For the special type of mass called invariant mass, changing the inertial frame of observation for a whole closed system has no effect on the measure of invariant mass of the system, which remains both conserved and invariant (unchanging), even for different observers who view the entire system. Invariant mass is a system combination of energy and momentum, which is invariant for any observer, because in any inertial frame, the energies and momenta of the various particles always add to the same quantity (the momentum may be negative, so the addition amounts to a subtraction). The invariant mass is the relativistic mass of the system when viewed in the center of momentum frame. It is the minimum mass which a system may exhibit, as viewed from all possible inertial frames.

The conservation of both relativistic and invariant mass applies even to systems of particles created by pair production, where energy for new particles may come from kinetic energy of other particles, or from one or more photons as part of a system that includes other particles besides a photon. Again, neither the relativistic nor the invariant mass of totally closed (that is, isolated) systems changes when new particles are created. However, different inertial observers will disagree on the value of this conserved mass, if it is the relativistic mass (i.e., relativistic mass is conserved by not invariant). However, all observers agree on the value of the conserved mass if the mass being measured is the invariant mass (i.e., invariant mass is both conserved and invariant).

The mass-energy equivalence formula gives a different prediction in non-isolated systems, since if energy is allowed to escape a system, both relativistic mass and invariant mass will escape also. In this case, the mass-energy equivalence formula predicts that the change in mass of a system is associated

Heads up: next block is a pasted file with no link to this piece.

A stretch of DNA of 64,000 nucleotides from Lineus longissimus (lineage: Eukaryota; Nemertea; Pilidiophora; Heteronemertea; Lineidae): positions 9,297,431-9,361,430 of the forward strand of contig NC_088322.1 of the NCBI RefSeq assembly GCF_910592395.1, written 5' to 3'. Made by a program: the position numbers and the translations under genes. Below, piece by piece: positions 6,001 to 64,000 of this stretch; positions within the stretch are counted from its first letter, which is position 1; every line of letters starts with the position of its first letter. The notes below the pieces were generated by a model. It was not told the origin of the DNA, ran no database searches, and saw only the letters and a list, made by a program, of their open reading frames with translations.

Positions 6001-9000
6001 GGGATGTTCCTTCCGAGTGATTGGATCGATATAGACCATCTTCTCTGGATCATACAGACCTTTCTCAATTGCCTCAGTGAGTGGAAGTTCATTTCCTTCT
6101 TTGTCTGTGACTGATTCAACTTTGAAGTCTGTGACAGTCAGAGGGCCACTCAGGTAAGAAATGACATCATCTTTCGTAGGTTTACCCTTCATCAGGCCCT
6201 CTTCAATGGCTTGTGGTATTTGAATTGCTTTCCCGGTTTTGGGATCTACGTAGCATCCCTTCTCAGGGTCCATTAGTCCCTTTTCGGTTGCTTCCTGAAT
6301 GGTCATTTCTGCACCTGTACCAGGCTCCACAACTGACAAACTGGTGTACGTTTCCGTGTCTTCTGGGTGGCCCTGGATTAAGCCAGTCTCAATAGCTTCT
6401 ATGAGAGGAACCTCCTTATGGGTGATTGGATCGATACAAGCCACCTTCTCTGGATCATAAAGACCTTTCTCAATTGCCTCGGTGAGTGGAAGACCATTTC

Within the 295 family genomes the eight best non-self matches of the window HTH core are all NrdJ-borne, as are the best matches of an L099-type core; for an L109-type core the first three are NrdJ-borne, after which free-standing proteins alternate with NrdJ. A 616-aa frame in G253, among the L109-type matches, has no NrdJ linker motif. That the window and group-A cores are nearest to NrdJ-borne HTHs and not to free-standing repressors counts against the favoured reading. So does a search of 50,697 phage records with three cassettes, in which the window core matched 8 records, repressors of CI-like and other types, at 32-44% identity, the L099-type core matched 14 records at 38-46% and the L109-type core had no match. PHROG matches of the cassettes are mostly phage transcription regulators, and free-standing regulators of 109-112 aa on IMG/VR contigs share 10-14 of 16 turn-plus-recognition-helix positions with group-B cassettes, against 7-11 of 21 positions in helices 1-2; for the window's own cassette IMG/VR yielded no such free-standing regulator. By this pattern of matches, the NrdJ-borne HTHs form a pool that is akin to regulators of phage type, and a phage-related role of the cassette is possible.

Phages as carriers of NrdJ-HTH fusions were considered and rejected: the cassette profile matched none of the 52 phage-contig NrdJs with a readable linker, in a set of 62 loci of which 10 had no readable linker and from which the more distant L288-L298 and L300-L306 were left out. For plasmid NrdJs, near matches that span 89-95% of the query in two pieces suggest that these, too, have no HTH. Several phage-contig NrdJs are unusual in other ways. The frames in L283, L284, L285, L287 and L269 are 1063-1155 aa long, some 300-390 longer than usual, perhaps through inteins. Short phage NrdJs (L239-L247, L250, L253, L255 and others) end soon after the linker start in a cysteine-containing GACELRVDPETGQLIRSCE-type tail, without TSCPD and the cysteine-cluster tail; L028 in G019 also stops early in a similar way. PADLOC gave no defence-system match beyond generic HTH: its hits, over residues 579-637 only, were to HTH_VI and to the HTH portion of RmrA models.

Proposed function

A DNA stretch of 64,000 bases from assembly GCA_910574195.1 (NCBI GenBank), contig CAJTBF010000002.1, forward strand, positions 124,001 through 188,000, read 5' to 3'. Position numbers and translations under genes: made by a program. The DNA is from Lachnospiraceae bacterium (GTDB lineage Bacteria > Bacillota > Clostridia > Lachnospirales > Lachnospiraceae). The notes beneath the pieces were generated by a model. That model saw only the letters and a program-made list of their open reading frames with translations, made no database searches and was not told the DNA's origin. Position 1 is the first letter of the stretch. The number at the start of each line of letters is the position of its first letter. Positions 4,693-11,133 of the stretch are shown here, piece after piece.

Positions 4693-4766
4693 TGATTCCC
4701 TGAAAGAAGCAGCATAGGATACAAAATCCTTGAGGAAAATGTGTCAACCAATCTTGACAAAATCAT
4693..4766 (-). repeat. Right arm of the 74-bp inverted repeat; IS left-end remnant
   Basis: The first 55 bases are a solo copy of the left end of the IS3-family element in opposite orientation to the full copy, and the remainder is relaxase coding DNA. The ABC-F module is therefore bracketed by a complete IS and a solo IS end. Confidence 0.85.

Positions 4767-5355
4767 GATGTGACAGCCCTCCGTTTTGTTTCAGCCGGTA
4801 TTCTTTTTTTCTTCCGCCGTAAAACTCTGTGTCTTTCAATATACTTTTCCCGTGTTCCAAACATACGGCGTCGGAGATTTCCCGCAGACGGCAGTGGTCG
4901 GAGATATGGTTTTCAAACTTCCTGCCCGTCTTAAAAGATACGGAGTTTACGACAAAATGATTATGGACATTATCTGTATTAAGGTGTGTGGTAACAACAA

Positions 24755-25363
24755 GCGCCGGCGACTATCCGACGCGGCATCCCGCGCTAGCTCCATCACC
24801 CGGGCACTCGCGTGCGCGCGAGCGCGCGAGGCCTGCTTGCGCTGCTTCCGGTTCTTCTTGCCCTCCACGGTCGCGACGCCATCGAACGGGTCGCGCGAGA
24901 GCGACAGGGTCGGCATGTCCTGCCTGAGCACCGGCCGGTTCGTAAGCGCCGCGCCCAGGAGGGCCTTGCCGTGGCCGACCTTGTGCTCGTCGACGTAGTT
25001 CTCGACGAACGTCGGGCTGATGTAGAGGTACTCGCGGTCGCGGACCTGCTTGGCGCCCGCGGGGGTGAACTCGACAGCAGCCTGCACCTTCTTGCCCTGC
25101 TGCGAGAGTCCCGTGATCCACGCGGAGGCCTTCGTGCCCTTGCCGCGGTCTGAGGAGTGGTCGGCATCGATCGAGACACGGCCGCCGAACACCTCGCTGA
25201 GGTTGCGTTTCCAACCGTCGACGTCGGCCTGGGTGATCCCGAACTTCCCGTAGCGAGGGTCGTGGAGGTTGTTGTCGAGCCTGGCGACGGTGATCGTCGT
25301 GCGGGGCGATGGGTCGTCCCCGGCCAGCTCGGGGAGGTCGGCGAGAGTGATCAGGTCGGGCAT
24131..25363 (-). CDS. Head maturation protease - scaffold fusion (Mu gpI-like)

with the change in its energy due to energy being added or subtracted: {\displaystyle \Delta m=\Delta E/c^{2}.} This form involving changes was the form in which this famous equation was originally presented by Einstein. In this sense, mass changes in any system are explained simply if the mass of the energy added or removed from the system, are taken into account.

The formula implies that bound systems have an invariant mass (rest mass for the system) less than the sum of their parts, if the binding energy has been allowed to escape the system after the system has been bound. This may happen by converting system potential energy into some other kind of active energy, such as kinetic energy or photons, which easily escape a bound system. The difference in system masses, called a mass defect, is a measure of the binding energy in bound systems – in other words, the energy needed to break the system apart. The greater the mass defect, the larger the binding energy. The binding energy (which itself has mass) must be released (as light or heat) when the parts combine to form the bound system, and this is the reason the mass of the bound system decreases when the energy leaves the system.  The total invariant mass is actually conserved, when the mass of the binding energy that has escaped, is taken into account.